Dr Charlie Teo’s miracle patient Monica Lopresti writes exclusively for Daily Mail Australia
The idea of Dr. Charlie Teo being cold or calculating, or reckless, or waiting for money before agreeing to have surgery is as puzzling as it is shocking to me.
This is nothing like the person I knew through one of the scariest times of my life.
I was 23 and thought I was the perfect picture of health.
I had a great social life, worked full time, and walked 10,000 steps a day.
Monica Lopresti flew to Spain to have a benign cystic tumor removed from the center of her brain by Dr Charlie Teo (pictured Monica Lopresti, center, with Dr Teo)
Monica was nervously crying before the operation and found Dr Teo so empathetic that she now considers him ‘like family’
Everything changed in July 2021. I became someone no one recognized – bedridden, pale, withdrawn. I had memory lapses.
The ordeal and recovery of Monica Lopresti
A Sydney woman, Monica Lopresti, was bedridden, pale, having blackouts and losing her memory after turning 24.
He was diagnosed with a benign cystic brain tumor which, due to its location, was likely to lead to brain damage or death.
But her family was told the tumor was inoperable in Australia.
The family contacted Dr Charlie Teo who agreed to operate – but in Spain as he is not allowed to work here.
He managed to remove Monica’s tumor at the end of July, Ms. Lopresti is healthy and back to work full time.
An MRI revealed a benign cystic tumor in the middle of my brain.
While the tumor was benign, its location blocked the normal circulation of cerebrospinal fluid (CSF).
We were devastated when we were told that the pressure caused by too much CSF prevents the brain from functioning properly and can lead to brain damage and death.
By the time the neurosurgeons my mother contacted – seven of them – told me they couldn’t operate, I was already losing my sight.
My father had died of brain cancer eight years earlier. I was extremely scared.
So who is Charlie Teo really? I can only describe it from my own experiences and stick to those.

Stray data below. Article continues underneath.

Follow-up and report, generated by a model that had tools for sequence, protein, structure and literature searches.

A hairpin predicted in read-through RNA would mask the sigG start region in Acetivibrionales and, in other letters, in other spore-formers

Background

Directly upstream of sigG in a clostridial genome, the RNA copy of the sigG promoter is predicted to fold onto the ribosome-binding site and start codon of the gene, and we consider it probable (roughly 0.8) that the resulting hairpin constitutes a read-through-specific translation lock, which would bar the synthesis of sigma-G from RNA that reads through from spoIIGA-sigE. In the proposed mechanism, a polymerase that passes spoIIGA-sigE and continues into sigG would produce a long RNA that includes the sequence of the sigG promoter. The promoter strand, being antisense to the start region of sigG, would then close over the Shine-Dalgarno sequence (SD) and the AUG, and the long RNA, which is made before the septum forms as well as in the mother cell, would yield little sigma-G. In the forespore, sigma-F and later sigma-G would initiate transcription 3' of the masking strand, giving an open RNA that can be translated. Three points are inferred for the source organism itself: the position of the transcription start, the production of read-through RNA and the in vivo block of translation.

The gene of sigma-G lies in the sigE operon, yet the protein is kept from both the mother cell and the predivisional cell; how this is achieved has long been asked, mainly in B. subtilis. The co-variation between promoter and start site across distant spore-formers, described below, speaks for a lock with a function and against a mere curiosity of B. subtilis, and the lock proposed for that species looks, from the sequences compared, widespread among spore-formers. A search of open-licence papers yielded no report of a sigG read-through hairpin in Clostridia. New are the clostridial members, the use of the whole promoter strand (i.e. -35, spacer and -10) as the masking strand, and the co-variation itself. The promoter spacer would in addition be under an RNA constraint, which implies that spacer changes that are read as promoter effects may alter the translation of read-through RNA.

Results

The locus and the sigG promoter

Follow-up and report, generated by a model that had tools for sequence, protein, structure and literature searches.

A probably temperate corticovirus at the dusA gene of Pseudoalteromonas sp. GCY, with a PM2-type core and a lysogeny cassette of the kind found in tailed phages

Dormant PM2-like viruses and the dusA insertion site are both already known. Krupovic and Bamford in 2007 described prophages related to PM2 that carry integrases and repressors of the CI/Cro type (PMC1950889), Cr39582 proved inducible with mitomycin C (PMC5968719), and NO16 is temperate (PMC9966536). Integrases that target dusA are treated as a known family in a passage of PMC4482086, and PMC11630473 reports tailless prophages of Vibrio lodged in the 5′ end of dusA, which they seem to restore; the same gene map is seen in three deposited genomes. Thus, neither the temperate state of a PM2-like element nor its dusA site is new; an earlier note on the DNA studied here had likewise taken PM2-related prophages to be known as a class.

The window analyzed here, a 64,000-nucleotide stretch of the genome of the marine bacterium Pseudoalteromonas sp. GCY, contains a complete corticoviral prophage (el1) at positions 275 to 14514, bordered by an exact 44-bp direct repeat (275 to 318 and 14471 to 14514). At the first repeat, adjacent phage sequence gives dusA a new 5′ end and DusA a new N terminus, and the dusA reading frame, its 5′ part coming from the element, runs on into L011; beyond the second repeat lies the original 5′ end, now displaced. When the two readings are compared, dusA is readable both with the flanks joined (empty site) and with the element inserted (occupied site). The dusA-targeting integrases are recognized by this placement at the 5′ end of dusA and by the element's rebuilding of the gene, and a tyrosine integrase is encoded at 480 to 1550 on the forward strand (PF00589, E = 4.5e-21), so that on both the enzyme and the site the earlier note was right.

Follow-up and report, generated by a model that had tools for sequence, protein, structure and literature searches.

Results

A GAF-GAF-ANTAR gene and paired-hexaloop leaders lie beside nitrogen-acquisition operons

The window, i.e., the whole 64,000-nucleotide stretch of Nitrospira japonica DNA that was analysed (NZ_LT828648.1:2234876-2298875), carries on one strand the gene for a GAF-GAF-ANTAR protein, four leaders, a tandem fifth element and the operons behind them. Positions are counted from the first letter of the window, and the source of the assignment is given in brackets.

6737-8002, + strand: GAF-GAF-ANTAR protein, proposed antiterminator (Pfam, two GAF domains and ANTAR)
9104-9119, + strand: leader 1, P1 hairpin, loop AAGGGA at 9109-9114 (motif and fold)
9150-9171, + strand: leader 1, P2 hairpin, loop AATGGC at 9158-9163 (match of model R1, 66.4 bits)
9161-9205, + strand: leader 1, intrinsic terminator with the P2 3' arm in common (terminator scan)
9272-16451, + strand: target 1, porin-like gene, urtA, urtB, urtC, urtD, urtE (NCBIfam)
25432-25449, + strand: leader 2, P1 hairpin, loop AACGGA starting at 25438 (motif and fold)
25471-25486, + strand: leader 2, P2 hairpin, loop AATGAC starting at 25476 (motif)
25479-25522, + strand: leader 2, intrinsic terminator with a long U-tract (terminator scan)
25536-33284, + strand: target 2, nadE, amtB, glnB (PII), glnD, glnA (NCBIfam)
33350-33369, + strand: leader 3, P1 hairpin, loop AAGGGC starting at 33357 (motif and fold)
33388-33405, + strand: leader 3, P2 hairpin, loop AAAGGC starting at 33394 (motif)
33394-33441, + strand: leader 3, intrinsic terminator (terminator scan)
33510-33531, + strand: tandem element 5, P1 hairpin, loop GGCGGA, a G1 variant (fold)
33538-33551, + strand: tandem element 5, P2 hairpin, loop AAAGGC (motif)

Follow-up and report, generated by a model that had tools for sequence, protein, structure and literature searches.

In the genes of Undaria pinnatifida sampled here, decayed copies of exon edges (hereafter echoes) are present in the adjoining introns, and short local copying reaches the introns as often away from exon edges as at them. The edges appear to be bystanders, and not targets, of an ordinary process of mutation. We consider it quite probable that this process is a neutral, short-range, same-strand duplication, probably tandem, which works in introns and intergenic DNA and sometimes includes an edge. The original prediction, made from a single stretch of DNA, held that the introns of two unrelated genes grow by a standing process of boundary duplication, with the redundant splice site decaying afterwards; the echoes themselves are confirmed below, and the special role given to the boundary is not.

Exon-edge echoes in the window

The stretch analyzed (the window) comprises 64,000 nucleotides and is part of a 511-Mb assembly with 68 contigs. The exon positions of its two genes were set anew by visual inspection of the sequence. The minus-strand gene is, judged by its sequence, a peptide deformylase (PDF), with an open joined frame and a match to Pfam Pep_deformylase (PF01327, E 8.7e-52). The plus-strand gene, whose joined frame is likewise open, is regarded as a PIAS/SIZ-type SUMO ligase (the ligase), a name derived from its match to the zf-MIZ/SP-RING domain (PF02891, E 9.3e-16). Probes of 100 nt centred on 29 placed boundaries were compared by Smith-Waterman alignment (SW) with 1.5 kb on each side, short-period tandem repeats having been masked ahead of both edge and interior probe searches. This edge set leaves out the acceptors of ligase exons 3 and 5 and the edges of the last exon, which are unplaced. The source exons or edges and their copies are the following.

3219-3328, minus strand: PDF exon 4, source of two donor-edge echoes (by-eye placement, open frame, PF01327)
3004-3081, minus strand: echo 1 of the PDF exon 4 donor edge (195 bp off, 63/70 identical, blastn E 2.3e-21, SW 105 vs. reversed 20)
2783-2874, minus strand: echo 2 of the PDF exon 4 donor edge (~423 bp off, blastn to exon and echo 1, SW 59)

Let’s get rid of those horrible money stories first.
I heard that Dr. Teo is asking for $50,000 before an operation. This never happened in our situation.
He never even mentioned money in any consultation.
Of course, nothing in life is free, but this idea that Dr. Teo gets some of the money is just plain wrong.
They can’t take someone to hospitals until they make the payment, so we made the payment before the operation.
We don’t want to talk about the specifics of what it cost our family except to say it was worth it.
Monica was told that a tumor blocking the flow of cerebral fluid in her brain (the scan on the right) could cause brain damage or kill her. By the time seven neurosurgeons told her nothing could be done, she was already losing her sight
Ms Lopresti argues Charlie Teo is not ‘money hungry’ and never mentioned payment during consultations. The funds his family raised for his operation mostly went to the private hospital where he operates in Madrid
People pay thousands of dollars for cosmetic surgery and cars and no one questions that.
When a patient spends thousands of dollars on life-saving surgery, how can you price it?
But the money was not important to Dr. Teo, what was important to him was that we knew the risks of the surgery.
People pay thousands of dollars for cosmetic surgery and cars and no one questions that, says Ms Lopresti (pictured, Monica and Christina Lopresti)
Within four days of Dr Teo’s brain surgery in Spain, she was well enough to explore Madrid (pictured)
When you’re going through a storm in life, you want to meet someone who can guide you, give you clear and honest information. It’s even better if they’re nice.
Monica Lopresti said Dr Teo was a much better listener than most medical experts she met
It’s Dr. Teo that my family knows.
But that’s not the only thing that makes him special for us, he also has a great personality.
He was humble, down to earth, empathetic and gentle – a man who listened far more than most doctors I have met.
For the 10 months leading up to my operation, I was in medical centers week after week trying to get answers about my debilitating symptoms – but I was treated like a number, not a person.